The day began, coincidentally, by bumping into another Rabbi, his wife and toddler, at a breakfast nook not too far from our apartment. Adam is the Rabbi at a 1400 family Orthodox synagogue in Toronto, and a really nice guy. It was a lovely breakfast, in which we really got to know each other better than we had been able to do in the larger group. Also, Jen and Abby connected and spent the afternoon at the Jerusalem pool with the little ones. (Life is complicated, and so much of my ability to learn and absorb this summer has been predicated on Jennifer!)
A powerful day of learning. The two main textual learning pieces were led by David Hartman and Moshe Halbertal. I cannot say enough about the quality of the teaching and the quality of the learners. Every day is a gift.
The day really introduced the struggle of defining the “Good” or the ethical. Does God define the good, or is there such a thing as the “Good” and both we and God are obligated to strive for it?
David looked at a number of wonderful Talmudic sources struggling with this question, and ended with a comparative close-reading of the story of Sodom and Gomorroh (Genesis 18) and the Binding of Isaac (Genesis 22). How could Abraham who appeals to an external measure of morality in the Sodom story (“Should not the Judge of all the earth do justly?”) forget about this moral measuring stick and be so willing to sacrifice his son?
The texts, the details of the reading and the ensuing conversation captivated us for three hours in the morning, and justify us with this question about how we know what is right: because God commands it or because there is this thing called morality or justice or goodness.
Moshe Halbertal continued the conversation about Kant, looking especially at how Kant has influenced more than two centuries of Jewish thinkers. Probably the most influential author since Aristotle for Jews and non-Jews alike.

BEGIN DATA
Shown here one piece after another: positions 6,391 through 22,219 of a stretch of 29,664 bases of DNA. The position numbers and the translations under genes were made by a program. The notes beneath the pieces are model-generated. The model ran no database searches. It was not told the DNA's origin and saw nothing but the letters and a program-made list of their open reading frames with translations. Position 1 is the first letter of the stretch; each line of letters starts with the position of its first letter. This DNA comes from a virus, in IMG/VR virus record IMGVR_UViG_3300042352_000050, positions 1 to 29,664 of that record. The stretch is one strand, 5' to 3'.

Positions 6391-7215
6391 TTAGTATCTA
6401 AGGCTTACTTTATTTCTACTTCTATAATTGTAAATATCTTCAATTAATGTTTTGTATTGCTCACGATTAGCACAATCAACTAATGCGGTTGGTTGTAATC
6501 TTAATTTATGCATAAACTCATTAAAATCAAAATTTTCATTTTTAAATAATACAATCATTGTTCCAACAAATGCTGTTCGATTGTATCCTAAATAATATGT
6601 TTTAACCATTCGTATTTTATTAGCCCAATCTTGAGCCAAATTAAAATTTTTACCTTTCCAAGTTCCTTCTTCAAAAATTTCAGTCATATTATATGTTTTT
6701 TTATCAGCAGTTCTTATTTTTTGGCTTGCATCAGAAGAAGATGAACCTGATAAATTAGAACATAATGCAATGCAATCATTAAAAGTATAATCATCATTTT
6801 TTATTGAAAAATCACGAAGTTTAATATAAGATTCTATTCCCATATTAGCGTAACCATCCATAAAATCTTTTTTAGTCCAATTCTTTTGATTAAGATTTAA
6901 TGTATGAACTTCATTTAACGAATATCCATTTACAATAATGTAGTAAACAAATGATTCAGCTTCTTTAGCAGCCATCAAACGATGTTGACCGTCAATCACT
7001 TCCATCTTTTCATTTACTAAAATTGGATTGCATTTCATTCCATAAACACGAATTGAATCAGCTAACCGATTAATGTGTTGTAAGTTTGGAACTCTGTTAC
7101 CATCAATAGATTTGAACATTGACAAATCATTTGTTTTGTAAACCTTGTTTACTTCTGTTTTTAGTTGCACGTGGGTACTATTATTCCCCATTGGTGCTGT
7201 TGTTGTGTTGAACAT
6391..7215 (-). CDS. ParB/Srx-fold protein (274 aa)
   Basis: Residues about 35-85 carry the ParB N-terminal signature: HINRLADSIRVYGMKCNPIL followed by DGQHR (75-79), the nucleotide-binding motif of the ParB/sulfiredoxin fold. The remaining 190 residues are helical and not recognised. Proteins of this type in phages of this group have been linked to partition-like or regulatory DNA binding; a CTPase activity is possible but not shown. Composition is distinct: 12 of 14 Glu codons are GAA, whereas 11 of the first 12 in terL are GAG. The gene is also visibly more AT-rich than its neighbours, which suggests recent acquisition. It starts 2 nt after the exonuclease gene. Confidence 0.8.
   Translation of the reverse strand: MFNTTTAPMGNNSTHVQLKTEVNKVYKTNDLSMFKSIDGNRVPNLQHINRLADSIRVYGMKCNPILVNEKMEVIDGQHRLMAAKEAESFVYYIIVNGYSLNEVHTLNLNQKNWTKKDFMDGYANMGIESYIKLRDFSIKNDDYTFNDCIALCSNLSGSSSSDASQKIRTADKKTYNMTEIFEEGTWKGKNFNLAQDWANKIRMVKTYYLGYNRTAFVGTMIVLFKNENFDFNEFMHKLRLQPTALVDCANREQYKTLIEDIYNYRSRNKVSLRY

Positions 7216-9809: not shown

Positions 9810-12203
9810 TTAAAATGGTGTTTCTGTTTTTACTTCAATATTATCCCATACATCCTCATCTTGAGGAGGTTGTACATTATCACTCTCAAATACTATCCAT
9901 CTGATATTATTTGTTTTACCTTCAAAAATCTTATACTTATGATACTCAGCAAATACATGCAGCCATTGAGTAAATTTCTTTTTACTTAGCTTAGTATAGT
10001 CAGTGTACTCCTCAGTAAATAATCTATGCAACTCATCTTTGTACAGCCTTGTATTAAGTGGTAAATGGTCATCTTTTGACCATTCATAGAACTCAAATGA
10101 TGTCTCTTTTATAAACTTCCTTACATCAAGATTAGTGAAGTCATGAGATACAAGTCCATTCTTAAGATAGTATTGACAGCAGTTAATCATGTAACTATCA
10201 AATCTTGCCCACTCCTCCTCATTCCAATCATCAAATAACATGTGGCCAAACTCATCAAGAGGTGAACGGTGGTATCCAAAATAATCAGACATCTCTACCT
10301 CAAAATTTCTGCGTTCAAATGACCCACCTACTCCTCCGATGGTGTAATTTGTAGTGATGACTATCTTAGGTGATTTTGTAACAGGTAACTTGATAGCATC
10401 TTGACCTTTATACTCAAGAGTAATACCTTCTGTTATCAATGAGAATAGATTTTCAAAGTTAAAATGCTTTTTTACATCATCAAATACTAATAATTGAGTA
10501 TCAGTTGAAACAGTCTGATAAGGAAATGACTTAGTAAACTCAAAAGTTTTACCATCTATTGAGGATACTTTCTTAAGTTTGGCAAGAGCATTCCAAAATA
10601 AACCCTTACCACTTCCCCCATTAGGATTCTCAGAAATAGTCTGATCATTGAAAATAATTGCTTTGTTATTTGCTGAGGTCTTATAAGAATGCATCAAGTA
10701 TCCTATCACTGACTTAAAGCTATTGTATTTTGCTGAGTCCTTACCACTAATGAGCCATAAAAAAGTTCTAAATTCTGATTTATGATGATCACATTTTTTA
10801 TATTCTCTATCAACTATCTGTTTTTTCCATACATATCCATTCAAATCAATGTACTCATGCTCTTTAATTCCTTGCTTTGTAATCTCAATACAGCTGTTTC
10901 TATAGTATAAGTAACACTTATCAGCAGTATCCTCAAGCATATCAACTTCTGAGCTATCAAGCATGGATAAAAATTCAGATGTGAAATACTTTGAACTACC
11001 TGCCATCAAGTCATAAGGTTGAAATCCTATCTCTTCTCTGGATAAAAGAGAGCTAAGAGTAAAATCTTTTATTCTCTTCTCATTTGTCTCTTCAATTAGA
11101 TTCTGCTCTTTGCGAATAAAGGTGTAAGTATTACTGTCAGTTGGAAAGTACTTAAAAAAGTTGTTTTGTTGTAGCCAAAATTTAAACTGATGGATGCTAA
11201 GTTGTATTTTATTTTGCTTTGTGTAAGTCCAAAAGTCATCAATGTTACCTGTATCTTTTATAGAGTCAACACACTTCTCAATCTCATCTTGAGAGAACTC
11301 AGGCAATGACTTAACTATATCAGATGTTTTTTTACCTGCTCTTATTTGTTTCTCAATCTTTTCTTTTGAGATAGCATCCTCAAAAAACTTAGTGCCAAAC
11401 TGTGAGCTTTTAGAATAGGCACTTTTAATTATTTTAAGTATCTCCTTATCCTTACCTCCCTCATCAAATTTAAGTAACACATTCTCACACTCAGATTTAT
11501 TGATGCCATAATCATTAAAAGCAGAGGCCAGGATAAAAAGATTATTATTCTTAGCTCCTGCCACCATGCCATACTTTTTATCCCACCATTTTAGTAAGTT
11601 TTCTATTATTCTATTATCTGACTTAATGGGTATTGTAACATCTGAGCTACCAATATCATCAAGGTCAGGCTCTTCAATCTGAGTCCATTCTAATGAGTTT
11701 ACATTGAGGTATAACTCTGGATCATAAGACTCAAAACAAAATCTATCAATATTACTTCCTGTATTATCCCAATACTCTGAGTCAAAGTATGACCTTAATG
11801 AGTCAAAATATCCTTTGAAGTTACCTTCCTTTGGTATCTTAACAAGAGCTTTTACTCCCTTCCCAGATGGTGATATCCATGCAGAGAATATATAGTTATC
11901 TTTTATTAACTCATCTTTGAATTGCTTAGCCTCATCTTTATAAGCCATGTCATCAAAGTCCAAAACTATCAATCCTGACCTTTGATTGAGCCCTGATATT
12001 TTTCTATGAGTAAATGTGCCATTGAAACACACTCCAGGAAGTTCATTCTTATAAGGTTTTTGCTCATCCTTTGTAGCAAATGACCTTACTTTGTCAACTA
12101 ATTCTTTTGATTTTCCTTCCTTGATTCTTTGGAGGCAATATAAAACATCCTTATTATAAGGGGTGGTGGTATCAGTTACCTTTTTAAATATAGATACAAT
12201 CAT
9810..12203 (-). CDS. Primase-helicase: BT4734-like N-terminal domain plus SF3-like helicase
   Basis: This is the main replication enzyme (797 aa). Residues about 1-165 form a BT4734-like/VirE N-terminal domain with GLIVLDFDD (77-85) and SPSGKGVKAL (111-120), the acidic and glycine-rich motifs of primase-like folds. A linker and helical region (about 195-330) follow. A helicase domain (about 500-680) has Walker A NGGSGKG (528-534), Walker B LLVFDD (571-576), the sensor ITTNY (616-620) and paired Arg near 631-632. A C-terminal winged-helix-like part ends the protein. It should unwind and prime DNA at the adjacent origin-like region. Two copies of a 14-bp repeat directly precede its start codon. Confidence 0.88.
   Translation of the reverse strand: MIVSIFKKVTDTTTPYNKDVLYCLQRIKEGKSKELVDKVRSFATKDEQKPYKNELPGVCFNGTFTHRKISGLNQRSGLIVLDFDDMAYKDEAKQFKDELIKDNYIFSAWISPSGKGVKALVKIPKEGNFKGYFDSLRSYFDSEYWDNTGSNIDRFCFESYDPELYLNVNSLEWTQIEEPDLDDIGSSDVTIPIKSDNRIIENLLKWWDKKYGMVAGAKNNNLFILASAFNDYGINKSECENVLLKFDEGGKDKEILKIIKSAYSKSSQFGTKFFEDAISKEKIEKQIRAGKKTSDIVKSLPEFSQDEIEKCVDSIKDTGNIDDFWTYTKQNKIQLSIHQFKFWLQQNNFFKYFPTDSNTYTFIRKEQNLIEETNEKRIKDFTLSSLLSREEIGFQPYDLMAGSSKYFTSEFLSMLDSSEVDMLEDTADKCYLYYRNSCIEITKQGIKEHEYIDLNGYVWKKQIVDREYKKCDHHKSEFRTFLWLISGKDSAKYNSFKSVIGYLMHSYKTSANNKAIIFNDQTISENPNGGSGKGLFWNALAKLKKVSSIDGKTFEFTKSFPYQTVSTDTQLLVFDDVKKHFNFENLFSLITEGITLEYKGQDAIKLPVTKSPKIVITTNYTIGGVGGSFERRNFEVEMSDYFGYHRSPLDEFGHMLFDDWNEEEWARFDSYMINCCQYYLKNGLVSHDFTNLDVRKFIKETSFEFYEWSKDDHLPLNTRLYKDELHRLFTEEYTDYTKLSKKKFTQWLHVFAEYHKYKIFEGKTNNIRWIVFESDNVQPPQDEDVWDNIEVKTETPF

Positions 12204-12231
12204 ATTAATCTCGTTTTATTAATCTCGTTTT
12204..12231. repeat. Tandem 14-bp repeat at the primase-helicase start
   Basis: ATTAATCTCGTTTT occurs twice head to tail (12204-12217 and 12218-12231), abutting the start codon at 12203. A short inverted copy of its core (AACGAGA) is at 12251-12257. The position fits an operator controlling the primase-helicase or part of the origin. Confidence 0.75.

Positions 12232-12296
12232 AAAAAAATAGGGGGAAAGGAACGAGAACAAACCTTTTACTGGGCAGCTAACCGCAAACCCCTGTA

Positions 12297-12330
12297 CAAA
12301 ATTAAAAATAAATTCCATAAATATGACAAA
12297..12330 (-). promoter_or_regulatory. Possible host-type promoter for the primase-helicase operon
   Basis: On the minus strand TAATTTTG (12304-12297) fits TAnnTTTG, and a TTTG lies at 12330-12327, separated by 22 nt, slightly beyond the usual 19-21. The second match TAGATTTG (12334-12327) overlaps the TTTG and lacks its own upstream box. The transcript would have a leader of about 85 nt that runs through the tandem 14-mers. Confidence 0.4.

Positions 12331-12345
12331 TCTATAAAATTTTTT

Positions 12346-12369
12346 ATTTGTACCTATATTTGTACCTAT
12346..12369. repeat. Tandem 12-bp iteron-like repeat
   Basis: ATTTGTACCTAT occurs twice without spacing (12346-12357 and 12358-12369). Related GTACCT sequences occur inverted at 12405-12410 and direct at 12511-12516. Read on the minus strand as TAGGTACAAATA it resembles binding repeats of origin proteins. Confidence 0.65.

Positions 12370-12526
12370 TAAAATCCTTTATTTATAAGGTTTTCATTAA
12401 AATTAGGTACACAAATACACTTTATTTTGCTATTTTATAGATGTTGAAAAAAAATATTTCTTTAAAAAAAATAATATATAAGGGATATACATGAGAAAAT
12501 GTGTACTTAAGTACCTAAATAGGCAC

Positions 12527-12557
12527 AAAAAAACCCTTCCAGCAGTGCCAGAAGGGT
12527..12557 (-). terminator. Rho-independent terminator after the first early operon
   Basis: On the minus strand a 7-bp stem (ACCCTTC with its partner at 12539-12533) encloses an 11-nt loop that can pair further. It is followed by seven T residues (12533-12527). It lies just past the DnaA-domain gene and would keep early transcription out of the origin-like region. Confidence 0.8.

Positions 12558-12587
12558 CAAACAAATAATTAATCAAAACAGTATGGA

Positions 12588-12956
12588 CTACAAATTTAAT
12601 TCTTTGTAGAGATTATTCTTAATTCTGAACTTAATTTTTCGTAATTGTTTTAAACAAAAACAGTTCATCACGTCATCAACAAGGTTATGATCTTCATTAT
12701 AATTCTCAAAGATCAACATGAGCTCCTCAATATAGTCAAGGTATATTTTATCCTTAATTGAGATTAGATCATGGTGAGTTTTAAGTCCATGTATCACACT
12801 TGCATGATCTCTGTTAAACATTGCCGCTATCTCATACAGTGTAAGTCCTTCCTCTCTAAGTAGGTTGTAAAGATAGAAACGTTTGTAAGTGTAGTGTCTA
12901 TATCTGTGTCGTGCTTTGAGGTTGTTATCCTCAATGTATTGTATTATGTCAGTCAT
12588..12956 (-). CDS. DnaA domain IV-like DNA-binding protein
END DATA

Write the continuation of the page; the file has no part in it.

In his discussion of Kant’s categorical imperative, Moshe really remained focus on this question of whether or not Judaism is able to accept a belief that there is a morality, independent of God and God’s revelation, that is accessible to all people through the appropriate use of reason.
It was a wonderful discussion, though Kant was clearly read in let of Hermann Cohen and other later post-Kantian philosophers. That is to say, basically we read Kant and asked, “Is it good for the Jews?”
Kant’s greatest challenges to Judaism include:
There is a universal morality accessible to all peoples; All morality by definition must be universalizable to all humanity (a complication for Jewish/halakhic particularism); For an action to be considered moral intention is critical – the action must be performed because it is the Good, and not because it is commanded (sorry mitzvot) and not in order to receive a reward (like the World to Come).
A wonderful conversation, though I was surprised to see that so many of my very bright, very well educated colleagues had not struggled with Kant before.
In the afternoon, we had a technology session, discussing the 20 videoconferences in which we will be participating during the coming year. Each city cluster will be receiving a laptop and videoconferencing software and hardware, that is only to be used for the 3 hours each of the 20 Mondays. The Institute has discovered that it is easier to give people the systems and tell them not to use them for anything else than to try to work with everybody’s own equipment.
The resources of this place, and their intelligent utilization is impressive!
We also had the next in our series of Roundtable Discussions, getting to know each other and processing the program.
Today was a short day, we were done at 6:00 PM. So I made it home to help prepare the kids for bed, tuck them in, and wait for the babysitter . . .
We waited and waited and our babysitter never arrived. Frustrating at first, but it turned out to be really nice.
Jennifer and I had a quiet dinner together. I was able to try to catch up with the website and added a few pages. We even turned on our Israeli television and watched a couple of short-lived, mostly forgotten American television shows.
A short 10 hour day is a wonderful respite!